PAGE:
Dow falls for sixth straight day after another wild session

Stocks fell on Thursday as the market sell-off continued after another failed rebound attempt.

The Dow Jones Industrial Average fell 250 points, or 0.8, falling for the sixth day in a row. The S&P 500 fell 0.7% to hit a new low for the year. The index was down 18.9% intraday and around 19% at the close, moving closer to bear market territory. Meanwhile, the Nasdaq Composite fell 0.7% as technology sales persisted after taking a brief breather.

All of the major averages closed the session headed for weekly losses.

Earlier in the session, the market tried to rally as traders bought hit names. At one point, the Dow was up as much as 80 points from session highs, while the Nasdaq added 1.6%.

“Even if you say we’re in a bear market, there are rallies within bear markets that can be very sharp,” Truist’s Keith Lerner said of early market moves. “I think, at least in the short term, and given how oversold we are and given that we’re starting to see people nibble on some of these areas that have been hit the hardest, I think it’s at least one silver lining in a sea of red and darkness in the last days”.

Those gains fell as markets once again struggled to choose a direction and the S&P 500 teetered on the brink of bear market territory. Of the major averages, the Nasdaq is the only one in bear market territory, down more than 30% from its all-time high, as tech stocks continue to take a beating.

“It is my opinion that this is a market that is traded on emotion and not rational logic,” Jim Lebenthal of Cerity Partners told CNBC’s “Halftime Report” on Thursday. “Every day for the last few days, you get this burst in the morning and then it drains away.”

Some very short names led the brief rally from earlier in the day and continued to trade higher. Shares of Lucid were up 13.2%, while GameStop and AMC were up more than 30% and 20%, before taking profits. Rivian Automotive also soared about 18% after reporting its latest quarterly results and Carvana, which hit a low two years earlier in the session, surged nearly 25%.

While it was unclear what was driving gains for Lucid, GameStop and AMC, it could mean a short contraction was underway, with hedge funds that benefited from heavy losses in overvalued pandemic winners this year eventually closing their positions. short buying return the shares.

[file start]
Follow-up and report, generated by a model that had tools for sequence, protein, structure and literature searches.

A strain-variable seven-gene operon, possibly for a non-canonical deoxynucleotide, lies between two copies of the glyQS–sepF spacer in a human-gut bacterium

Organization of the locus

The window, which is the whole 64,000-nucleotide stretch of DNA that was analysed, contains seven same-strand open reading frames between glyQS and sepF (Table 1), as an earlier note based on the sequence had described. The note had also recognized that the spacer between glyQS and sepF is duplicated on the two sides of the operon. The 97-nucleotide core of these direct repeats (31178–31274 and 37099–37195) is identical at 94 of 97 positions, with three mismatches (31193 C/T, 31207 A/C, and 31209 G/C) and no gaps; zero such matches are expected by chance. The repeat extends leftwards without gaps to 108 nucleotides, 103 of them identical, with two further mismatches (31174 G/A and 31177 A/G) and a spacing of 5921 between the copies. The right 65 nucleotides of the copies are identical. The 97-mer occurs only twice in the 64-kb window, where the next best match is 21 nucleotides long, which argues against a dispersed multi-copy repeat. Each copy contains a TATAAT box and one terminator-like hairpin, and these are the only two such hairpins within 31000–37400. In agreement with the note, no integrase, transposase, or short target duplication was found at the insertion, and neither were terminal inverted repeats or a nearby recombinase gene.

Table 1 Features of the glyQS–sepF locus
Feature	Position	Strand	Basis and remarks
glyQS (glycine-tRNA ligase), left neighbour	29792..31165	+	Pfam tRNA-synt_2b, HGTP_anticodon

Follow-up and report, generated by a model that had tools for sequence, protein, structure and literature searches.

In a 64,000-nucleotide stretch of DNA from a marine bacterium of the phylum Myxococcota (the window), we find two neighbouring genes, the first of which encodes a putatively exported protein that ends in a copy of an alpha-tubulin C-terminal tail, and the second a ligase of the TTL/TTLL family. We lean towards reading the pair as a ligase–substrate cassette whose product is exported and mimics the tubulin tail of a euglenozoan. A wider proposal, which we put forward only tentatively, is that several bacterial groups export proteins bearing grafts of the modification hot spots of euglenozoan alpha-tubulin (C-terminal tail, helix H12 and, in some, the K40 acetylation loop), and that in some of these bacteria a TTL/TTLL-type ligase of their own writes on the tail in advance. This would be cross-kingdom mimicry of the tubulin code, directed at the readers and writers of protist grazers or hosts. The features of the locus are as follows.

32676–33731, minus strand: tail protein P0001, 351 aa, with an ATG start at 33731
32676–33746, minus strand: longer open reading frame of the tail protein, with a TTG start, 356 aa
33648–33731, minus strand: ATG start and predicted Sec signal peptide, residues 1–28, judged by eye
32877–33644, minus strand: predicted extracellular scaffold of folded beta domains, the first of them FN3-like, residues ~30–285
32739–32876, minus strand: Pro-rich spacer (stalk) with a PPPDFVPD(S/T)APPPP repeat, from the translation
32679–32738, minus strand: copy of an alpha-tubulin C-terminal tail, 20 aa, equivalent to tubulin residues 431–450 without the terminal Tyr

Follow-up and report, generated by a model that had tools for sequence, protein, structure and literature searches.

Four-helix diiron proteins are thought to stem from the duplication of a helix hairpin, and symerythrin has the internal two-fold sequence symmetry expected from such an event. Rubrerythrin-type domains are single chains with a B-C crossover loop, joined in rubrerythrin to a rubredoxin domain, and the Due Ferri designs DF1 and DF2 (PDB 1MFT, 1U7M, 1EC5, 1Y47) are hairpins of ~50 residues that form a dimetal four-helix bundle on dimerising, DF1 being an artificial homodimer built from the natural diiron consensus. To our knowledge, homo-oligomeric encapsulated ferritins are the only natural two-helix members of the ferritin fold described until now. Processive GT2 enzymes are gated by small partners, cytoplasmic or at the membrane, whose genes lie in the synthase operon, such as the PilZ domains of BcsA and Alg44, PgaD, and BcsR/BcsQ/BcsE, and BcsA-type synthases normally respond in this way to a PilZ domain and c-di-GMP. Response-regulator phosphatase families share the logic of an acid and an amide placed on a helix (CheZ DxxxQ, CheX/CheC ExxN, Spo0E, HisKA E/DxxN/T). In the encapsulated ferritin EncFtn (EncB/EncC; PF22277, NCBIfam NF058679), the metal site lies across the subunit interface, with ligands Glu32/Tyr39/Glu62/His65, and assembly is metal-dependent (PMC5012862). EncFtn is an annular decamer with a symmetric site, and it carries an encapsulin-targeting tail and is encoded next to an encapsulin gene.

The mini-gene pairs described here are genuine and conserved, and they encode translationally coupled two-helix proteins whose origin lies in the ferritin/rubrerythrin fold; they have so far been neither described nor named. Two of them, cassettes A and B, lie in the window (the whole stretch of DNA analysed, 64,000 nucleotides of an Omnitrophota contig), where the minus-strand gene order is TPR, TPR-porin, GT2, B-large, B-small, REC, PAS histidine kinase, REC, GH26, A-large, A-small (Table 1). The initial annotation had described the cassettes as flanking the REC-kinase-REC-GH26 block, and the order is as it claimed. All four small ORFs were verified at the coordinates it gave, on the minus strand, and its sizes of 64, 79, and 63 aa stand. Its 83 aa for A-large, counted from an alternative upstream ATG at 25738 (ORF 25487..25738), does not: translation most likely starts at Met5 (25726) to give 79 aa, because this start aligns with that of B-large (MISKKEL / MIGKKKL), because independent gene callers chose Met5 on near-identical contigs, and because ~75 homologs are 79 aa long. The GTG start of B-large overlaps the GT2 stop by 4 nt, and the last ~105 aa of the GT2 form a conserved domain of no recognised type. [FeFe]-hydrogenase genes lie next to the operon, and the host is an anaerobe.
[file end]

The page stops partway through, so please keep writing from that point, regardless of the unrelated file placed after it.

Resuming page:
Short selling is a tactic in which funds sell shares that are borrowed from investment banks and therefore, in order to close the trade, they need to buy the shares and return them. A short adjustment is a rally that results from that purchase.

To be sure, this trading action could signal that some investors who have placed big bets on hit-meme stocks are upping the ante in hopes of winning big, said Randy Frederick, managing director of trading and derivatives at the Schwab Center for Financial . Investigate.

“I think it’s a desperate move, it’s a gambling move, it’s a lottery ticket expecting a big payout and they may get lucky, but most likely they won’t,” he said.

Apple lost 2.7%, pushing the stock into bear market territory, down 22% from a 52-week high. It came as Saudi Aramco overtook the tech giant as the world’s most valuable company on Wednesday. Meanwhile, shares of Amazon and Meta Platforms closed up more than 1%.

Disney shares fell to a two-year low and closed around 0.9%. The media giant reported higher-than-expected streaming subscriber growth but warned of the impact of Covid on parks in Asia.

These moves came as traders pored over the latest US inflation data. The new data for the Producer Price Index, which measures wholesale prices, rose 11% year over year.

On Wednesday, the US government released the latest reading of the consumer price index, which showed a year-over-year jump of 8.3% in April. That’s higher than economists expected and close to a 40-year high of 8.5%. The report caused investors to keep selling risky assets like tech stocks.

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